“It’s not about what I did well here, it’s more about revisiting the mistakes in this competition, the things I lacked,” Uno said. “I’ll just work hard and train for NHK Trophy in Japan (Nov. 12-14).”

American Jimmy Ma, 26, the surprise third-place finisher in the short, finished fifth for his best Grand Prix result by five placements.

Chen’s win streak, which included three world titles and stretched from the 2018 World Championships to the 2021 World Championships, ends at 14.

His run of Skate America victories ends at four, tying him with Todd Eldredge, Michelle Kwan and Meryl Davis and Charlie White among all disciplines.

“It was inevitably going to end, right, at some point in time. I’m really proud of these guys up here. If anyone gets to break my streak, I’m glad it’s him,” Chen said, nodding to Zhou. “All that being said, it’s something that happened. I’m proud of what I’ve accomplished in the past, but at this point in time the only thing I can do is move forward. That’s where my mind’s at.”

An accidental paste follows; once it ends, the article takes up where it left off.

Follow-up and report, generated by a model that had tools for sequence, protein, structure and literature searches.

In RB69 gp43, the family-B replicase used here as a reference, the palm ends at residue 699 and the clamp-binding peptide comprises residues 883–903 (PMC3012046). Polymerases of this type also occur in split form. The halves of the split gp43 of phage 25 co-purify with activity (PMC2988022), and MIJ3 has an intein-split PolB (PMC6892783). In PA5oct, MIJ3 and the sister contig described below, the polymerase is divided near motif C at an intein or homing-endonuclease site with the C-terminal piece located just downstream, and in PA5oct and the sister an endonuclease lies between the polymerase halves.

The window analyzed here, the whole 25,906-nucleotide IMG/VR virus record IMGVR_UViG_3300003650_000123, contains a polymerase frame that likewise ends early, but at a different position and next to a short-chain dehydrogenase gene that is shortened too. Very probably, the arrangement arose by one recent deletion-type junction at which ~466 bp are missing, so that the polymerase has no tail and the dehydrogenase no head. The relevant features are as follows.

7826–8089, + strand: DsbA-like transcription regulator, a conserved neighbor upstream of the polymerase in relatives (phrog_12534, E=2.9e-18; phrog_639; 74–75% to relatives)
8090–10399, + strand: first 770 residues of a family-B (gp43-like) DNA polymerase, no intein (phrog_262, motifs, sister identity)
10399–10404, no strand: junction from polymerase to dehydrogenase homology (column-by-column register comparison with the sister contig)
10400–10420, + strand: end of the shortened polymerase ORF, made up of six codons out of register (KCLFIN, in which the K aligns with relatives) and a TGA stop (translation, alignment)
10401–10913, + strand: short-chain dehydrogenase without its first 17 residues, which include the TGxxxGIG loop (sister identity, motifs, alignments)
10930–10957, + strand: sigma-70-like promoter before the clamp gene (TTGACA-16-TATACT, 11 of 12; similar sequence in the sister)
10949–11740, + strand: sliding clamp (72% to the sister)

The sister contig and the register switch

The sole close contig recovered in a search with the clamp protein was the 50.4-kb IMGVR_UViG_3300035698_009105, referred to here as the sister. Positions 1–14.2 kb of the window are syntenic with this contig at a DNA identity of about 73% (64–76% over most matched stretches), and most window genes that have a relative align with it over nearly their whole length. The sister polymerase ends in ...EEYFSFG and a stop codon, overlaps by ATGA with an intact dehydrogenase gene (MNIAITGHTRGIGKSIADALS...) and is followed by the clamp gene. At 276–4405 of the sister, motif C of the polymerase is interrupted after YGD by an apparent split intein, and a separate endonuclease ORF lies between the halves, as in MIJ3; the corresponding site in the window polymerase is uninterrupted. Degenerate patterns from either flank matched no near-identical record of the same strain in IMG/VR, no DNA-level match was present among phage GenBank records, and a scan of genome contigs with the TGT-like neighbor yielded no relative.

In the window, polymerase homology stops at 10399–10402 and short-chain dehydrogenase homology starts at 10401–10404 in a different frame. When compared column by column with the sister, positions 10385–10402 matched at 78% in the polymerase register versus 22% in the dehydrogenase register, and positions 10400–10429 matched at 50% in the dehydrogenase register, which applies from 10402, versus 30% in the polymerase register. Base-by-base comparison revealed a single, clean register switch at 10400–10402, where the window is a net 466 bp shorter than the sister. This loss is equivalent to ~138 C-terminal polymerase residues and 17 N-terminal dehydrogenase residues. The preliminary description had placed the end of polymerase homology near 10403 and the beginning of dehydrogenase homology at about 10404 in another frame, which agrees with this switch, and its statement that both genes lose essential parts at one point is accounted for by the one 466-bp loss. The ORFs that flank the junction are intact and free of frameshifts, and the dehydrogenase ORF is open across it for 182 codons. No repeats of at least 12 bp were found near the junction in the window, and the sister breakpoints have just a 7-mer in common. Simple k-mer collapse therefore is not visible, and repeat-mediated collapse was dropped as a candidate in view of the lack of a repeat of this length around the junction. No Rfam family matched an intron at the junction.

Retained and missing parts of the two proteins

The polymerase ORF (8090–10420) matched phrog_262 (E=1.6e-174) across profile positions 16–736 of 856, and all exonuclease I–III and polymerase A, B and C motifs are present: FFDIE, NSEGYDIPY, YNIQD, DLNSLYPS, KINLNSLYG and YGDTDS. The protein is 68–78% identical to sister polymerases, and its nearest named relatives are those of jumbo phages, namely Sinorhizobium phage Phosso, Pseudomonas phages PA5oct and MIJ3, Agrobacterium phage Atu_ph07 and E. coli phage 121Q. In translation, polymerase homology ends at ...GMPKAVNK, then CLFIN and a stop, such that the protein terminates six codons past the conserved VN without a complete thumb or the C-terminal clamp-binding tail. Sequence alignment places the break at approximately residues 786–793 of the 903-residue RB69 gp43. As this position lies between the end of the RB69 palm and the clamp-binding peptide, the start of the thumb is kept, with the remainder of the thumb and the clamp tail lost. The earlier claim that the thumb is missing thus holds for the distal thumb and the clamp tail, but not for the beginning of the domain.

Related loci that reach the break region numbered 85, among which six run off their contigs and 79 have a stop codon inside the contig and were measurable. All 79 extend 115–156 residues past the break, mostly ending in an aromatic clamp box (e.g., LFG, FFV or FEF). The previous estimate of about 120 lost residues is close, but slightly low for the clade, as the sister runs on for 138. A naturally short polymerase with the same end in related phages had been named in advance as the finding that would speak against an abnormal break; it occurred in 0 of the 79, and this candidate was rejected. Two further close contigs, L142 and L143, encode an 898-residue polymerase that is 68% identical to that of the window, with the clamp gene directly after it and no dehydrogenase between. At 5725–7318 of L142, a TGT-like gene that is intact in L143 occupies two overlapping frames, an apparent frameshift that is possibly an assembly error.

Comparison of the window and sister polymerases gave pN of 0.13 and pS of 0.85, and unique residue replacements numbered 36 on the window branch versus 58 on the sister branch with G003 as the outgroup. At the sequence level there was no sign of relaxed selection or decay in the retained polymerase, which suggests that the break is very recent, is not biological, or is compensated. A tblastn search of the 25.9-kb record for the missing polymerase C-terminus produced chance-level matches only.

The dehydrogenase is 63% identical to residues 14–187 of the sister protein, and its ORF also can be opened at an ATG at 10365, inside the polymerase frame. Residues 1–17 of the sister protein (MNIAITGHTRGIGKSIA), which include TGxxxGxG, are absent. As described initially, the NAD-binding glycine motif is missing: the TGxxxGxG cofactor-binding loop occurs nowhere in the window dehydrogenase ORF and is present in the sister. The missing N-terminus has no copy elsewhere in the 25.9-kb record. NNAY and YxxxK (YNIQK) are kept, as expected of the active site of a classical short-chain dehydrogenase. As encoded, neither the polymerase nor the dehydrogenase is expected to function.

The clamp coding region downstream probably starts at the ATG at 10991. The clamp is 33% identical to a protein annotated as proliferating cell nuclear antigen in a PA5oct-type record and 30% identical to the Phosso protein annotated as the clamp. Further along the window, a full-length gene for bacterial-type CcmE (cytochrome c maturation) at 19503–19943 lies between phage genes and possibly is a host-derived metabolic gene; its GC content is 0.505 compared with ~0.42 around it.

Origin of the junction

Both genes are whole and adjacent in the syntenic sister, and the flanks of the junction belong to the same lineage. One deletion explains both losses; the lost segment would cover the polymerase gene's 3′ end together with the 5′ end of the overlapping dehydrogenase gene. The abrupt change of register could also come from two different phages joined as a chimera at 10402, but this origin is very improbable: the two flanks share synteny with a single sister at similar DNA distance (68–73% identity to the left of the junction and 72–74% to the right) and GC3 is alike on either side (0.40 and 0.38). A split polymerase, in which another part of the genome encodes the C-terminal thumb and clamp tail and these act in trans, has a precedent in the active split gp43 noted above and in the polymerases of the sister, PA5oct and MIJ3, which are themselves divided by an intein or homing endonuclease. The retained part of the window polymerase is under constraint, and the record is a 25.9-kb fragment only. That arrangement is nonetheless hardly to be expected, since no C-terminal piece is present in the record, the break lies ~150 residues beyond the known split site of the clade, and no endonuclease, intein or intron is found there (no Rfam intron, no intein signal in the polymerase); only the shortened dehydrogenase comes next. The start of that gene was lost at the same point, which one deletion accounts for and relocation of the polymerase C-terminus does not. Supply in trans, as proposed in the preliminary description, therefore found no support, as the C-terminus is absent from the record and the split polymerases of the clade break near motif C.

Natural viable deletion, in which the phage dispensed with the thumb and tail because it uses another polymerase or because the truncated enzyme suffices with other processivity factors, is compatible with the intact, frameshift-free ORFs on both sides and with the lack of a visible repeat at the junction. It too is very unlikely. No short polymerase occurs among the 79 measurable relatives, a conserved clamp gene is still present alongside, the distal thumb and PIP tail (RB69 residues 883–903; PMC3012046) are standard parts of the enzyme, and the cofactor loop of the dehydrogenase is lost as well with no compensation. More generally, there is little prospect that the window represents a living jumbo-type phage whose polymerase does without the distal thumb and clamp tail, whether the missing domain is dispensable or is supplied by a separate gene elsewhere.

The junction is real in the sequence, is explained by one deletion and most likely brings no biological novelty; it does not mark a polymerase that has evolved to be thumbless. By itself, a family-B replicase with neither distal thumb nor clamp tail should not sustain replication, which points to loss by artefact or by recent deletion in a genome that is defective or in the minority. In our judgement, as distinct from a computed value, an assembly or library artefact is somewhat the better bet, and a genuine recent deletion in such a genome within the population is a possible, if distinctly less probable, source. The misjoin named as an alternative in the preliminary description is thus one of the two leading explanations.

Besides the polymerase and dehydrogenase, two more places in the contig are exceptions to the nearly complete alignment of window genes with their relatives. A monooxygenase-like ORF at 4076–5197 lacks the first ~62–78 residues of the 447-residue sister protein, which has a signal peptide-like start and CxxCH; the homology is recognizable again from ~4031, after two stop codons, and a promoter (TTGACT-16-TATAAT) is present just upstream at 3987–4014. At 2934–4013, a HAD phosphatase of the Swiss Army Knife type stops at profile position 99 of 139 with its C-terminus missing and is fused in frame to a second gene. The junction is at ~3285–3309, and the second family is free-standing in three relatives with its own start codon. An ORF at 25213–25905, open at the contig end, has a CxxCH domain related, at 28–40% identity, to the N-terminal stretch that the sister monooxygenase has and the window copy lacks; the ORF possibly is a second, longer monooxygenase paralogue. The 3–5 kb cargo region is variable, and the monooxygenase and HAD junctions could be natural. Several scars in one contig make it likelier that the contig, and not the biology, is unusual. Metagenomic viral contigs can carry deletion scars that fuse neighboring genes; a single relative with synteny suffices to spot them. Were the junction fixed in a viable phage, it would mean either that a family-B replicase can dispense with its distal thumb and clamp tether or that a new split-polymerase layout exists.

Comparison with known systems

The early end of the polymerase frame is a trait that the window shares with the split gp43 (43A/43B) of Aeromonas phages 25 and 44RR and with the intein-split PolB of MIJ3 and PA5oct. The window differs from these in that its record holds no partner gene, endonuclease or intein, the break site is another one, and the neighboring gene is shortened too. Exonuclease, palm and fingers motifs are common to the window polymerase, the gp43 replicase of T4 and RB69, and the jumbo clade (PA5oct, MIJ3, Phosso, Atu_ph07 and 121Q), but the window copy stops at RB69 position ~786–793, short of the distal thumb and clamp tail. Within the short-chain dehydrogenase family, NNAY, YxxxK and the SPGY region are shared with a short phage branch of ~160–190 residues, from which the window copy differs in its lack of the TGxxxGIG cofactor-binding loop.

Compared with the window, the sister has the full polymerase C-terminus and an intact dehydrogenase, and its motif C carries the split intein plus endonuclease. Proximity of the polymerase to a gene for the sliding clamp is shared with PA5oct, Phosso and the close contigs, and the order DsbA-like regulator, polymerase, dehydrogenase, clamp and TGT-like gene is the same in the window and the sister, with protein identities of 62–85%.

Before this week, the last time Chen did not win a competition he entered was the 2018 Winter Olympics, where he had a disastrous short program that put him in 17th. Chen then won the free skate to land in fifth overall.

After coming in fourth in Friday’s short program, his lowest placement in a short since that PyeongChang program, he was unable to mount a successful comeback this time.

“I definitely think there needs to be more reflection,” Chen said of his mistakes this week. “I don’t have a perfect answer right away. That’s definitely something that will be a priority for me.”